A little after 4PM yesterday afternoon, I walked up Broadway from the Halsey
Street J station. Water greeted my Keene-clad feet at several street corners.
Substantial puddles forced me into evasive maneuvers, and street grates sounded
like waterfalls. It wasn't hard to spot the gushing spray of hundreds of
gallons of water from at least four hydrants as I walked about five blocks
from the train. I knew the water pressure would be low in the apartment.
When I got home, I lifted the lever on the tap, and nothing came out, not
even a puff of air.
I'd planned for this. After all, this isn't the first time I've had this experience.
Every time the heat rises, the hydrants open, and the water withers away, at
least until around sunset. I figured we'd have water again by around 9PM, and
actually a trickle came back by about 6. Meanwhile, there was chilled filtered
water in the refrigerator, and buckets of tap water strategically positioned
around the apartment.
People who visit New York often notice the large wooden tanks with conical
tops on the roofs of most of the tall buildings in every borough. Those tanks
are there to provide water pressure. Water is pumped up into the tanks, and
gravity pulls the water down into the apartments. Being that our building is
only four stories high, a tank like that is theoretically unnecessary, but
practical reality often trumps theory. On a good day, the water pressure here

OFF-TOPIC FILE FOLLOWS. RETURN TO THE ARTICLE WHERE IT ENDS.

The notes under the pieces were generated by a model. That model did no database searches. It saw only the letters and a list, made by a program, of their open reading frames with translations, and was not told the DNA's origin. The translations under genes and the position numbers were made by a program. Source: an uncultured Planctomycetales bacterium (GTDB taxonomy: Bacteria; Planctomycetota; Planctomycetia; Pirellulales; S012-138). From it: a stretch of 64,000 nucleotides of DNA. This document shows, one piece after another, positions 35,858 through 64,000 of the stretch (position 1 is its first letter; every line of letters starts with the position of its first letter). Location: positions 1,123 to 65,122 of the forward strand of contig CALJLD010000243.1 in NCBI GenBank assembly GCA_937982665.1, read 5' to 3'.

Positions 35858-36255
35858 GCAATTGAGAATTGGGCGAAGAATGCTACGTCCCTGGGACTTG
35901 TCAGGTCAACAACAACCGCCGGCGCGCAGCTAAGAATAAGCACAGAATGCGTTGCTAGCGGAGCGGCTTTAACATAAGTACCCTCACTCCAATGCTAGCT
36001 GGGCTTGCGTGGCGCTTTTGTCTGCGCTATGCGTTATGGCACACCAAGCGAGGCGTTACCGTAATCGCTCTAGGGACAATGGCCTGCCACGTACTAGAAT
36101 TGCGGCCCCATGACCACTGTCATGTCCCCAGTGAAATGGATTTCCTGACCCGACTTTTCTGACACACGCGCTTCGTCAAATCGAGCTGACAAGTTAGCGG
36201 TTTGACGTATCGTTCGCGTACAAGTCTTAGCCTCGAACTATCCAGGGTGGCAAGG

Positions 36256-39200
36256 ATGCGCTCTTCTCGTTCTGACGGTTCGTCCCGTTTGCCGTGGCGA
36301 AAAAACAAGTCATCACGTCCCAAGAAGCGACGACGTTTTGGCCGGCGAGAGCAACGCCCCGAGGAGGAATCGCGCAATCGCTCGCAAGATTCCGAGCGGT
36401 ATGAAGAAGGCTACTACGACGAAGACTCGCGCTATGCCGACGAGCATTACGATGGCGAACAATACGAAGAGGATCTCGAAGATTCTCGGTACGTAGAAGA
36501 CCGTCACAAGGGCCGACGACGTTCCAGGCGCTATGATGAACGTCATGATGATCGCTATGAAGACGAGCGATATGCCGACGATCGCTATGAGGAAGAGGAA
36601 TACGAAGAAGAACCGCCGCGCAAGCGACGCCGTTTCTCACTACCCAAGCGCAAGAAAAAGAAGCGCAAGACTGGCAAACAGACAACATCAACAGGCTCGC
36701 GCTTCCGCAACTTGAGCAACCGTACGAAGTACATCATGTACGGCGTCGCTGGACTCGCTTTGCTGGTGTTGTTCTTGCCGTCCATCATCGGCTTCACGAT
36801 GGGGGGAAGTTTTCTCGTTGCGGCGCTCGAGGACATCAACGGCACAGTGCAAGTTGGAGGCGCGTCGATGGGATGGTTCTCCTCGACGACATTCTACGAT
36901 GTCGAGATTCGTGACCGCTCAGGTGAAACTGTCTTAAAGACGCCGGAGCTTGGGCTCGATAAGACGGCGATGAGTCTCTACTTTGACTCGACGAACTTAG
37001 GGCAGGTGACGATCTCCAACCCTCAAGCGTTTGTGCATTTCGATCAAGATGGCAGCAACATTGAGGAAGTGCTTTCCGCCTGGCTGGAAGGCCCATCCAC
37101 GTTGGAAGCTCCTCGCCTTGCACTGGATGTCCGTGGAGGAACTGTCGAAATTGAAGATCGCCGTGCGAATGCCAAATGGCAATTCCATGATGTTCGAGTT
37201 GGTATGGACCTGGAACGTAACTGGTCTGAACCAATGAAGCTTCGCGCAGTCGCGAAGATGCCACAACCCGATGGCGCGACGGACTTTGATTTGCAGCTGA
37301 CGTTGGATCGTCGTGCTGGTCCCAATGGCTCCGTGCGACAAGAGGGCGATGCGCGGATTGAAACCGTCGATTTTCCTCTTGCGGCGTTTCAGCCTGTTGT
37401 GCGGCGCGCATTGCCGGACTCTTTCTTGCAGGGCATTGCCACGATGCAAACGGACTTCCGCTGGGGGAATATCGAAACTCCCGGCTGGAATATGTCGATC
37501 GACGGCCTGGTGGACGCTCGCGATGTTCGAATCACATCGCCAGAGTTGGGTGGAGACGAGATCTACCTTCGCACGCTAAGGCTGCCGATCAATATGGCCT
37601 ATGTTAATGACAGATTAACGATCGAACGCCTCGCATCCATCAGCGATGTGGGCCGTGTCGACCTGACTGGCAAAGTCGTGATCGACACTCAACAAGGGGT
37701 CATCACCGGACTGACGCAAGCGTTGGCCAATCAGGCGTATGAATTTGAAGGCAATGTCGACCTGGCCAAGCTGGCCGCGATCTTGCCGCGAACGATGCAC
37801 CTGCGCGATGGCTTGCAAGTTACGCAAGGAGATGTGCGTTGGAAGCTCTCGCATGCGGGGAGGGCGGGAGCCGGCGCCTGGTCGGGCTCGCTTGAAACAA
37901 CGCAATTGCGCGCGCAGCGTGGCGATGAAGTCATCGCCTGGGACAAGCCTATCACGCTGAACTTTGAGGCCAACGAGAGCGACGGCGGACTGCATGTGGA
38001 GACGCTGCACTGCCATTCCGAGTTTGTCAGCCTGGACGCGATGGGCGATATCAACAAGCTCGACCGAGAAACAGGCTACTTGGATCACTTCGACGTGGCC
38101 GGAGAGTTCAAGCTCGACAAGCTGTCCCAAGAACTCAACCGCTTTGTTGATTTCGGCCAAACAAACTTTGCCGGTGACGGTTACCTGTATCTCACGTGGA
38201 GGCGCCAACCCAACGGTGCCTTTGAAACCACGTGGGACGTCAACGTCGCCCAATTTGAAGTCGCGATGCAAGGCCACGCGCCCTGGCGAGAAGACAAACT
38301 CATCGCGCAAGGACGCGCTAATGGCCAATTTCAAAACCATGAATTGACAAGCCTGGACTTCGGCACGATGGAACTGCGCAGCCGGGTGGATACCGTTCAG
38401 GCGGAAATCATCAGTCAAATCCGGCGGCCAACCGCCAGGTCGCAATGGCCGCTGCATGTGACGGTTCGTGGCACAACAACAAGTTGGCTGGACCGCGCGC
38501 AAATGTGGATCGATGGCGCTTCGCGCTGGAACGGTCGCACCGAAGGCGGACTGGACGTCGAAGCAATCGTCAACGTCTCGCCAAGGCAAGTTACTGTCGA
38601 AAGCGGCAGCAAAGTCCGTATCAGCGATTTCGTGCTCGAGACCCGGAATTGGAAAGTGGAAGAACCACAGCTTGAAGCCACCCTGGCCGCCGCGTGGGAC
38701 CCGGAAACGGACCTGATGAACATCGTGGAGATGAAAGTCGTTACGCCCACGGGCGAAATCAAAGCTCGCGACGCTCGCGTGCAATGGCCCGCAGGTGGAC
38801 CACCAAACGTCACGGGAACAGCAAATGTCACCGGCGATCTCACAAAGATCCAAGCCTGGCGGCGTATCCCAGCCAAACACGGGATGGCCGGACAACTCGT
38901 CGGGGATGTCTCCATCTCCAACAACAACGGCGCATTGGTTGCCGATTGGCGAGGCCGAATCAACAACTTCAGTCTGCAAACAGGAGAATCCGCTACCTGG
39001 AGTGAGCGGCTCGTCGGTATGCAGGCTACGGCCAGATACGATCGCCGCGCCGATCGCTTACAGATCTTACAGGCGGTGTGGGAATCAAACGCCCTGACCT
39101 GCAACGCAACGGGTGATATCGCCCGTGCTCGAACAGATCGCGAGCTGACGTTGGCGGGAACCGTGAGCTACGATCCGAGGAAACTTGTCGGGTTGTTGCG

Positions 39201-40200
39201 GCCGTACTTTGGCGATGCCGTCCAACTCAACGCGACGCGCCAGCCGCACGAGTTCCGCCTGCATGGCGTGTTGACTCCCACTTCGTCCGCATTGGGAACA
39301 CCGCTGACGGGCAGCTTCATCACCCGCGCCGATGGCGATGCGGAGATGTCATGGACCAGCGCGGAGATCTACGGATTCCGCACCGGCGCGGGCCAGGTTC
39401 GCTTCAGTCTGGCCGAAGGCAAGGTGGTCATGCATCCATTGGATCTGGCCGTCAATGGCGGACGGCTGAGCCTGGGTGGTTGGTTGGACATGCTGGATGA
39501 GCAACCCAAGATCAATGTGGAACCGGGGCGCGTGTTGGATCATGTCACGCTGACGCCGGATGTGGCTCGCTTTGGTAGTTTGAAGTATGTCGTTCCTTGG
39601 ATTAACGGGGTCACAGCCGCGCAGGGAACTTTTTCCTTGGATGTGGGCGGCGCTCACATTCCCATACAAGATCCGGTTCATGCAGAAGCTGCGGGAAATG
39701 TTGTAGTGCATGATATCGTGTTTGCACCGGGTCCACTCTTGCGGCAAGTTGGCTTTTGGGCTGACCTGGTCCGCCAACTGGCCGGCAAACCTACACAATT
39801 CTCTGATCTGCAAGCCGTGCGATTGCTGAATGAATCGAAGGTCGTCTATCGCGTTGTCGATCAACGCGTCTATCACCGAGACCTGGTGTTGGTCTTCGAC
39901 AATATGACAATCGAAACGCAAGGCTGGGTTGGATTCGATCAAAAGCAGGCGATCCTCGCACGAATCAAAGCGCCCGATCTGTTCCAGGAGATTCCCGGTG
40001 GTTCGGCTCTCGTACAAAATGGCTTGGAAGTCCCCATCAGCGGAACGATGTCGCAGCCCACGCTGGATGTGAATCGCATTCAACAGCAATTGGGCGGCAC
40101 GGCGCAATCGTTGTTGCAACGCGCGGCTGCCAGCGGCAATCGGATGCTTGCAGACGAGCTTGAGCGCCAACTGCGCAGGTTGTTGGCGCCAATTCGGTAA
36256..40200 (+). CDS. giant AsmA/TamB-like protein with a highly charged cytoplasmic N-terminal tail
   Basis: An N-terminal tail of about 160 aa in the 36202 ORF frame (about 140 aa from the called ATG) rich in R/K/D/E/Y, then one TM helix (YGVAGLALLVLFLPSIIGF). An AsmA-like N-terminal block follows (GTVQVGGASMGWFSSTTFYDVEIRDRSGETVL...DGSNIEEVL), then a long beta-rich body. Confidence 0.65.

isn't so hot...
But heat reminds me of something else — electrical load. I'm typing
to you from the cool oasis of a centrally-air-conditioned room. AC is in heavy
use around the city right now, though Con Edison says the power lines in Queens
didn't fail (either of the two times in the last two weeks) because of excessive
load. But, when the lines fail, not only do you lose lights and AC, but if
you have a roof-top water tower, eventually you lose water.
I cross my fingers that New York doesn't see another blackout this year. Perhaps
we'll dodge the bullet this time around, only because the big ones seem to
happen when the utility guys are essentially asleep at the switch. Right now,
they know everyone's watching.
disturbing article about how ‘single use’ [i.e. designed
to be used once and disposed afterward] medical equipment is being ‘reprocessed’ and
reused on patients [without their knowledge] as a cost-cutting measure. The reprocessors
made $87million in 2004, so they're not likely to quit doing this voluntarily.
The FDA allows the practice, even though the manufacturers claim the equipment
cannot be safely reused.
Speaking of disturbing,
The results of the ‘B-Sample’ test for Floyd Landis are expected tomorrow.
It's likely to show the same skewed ratio of testosterone to epi-testosterone.
Apparently someone on the cycling federation is leaking info (e.g. that some
of the testosterone found in the sample is synthetic) to the public in violation
of their own rules, but no matter... Landis is likely to be stripped of his
Tour de France title, and will enter into a disciplinary process once the
results are made public.
I find it hard to believe that he cheated, and I wonder about the nature of
performance enhancement. If all of his prior tests came back clean, what happened?
Could a shot of testosterone the night before Floyd's epic comeback even have
produced the amazing comeback we saw?
A flat tire in the prologue, broken handlebars and a bike change in the second